I’ve discovered that when underlining with silk organza, any raw seams that aren’t flat catch stitched down can look like the above – fraying and unfinished. This is the centre back seam of the skirt section of my dress, extending down below the zip.
I really didn’t want to hem my dress, knowing that this unravelling silk organza was only a peek away. Even though a full lining is being added to my dress, I’d still know this mess was here. It seemed such a shame, after all the effort I’d made. Plus, I’ll be honest, I dreaded anyone turning my dress hem over to see raw, fraying silk organza.
Now that more people know I make my own clothes, I’ve had the odd occasion when a person forgets to ask permission before turning over my hems, or poking fingers down my necklines. I don’t mind overly. I know it’s because curiosity has got the better of someone and that they don’t mean to be rude. But, still. I like to be prepared!
Out came my reference books. Nothing! So, out came the Internet. Result! On my first search, a wonderful piece from Pattern Review came up, posted by Julie B with great detail shots. An answer to my dilemma! Julie suggests adding extra width to your organza seam allowances so that you can turn them over the fashion fabric seam and seal with a line of sewing – a bit like a Hong Kong finish. Keeping up? No? Go and read her post.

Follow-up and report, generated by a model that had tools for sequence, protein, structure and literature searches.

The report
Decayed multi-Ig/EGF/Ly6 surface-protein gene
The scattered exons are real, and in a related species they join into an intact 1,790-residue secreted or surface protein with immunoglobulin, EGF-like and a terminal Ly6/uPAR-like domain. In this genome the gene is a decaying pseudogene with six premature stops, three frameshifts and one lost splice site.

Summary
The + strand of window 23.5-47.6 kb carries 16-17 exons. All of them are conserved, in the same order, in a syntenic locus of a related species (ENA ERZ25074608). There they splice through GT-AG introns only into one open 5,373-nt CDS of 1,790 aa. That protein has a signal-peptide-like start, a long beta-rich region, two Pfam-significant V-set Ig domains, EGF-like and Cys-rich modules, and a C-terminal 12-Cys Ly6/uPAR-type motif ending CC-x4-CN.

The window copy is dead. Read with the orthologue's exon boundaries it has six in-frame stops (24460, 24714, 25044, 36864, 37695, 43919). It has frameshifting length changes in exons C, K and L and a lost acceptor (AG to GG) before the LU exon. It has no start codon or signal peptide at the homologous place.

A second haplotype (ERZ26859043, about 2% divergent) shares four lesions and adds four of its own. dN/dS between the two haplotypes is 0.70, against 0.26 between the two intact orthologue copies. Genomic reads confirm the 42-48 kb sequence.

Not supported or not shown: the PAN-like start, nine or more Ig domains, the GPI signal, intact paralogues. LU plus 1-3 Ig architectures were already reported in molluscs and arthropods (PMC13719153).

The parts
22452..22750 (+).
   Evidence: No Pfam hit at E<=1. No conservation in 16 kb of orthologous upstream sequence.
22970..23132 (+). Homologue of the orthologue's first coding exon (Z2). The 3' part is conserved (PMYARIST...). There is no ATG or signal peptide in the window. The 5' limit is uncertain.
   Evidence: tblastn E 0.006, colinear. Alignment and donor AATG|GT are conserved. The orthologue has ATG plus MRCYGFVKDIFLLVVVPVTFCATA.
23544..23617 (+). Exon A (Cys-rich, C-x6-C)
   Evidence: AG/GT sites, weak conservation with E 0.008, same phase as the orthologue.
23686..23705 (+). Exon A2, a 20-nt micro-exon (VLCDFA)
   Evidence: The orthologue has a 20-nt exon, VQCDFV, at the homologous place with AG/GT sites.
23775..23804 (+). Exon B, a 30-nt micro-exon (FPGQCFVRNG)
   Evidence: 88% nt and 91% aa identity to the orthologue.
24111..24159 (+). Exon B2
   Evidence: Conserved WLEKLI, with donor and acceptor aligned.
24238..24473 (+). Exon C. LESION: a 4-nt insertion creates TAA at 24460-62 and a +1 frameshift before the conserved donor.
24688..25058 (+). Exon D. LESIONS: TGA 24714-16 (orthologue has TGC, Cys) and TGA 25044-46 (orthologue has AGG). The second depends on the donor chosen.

I was too far into my make to have added extra allowance to the silk organza cutting, but I did have a generous seam allowance. So I set to with my scissors, pins and thread…
I trimmed my fashion fabric to a narrower seam allowance than the silk organza underlining, and did my best to trim the frays from the organza:
I pressed the silk organza over and over again, and pinned along the fashion fabric seam. The good news with silk organza is that it holds a pressed fold really well.
Then I sewed! If you’re doing this, please be careful to keep your seam well away from the skirt itself. You don’t want to sew through your skirt. (Yes, that is the voice of experience talking. Heed it!)
It’s not the neatest sewing I’ve ever done, but doesn’t that look better? I’m certain it will add to the longevity of the make, also.
Phew! That was me really playing it by ear. I know many more experienced Sewists than I are out there. Any other hints and tips? What do you normally do with underlined seams?
Thank you, Julie, whoever you are! Thank goodness for the Internet – again.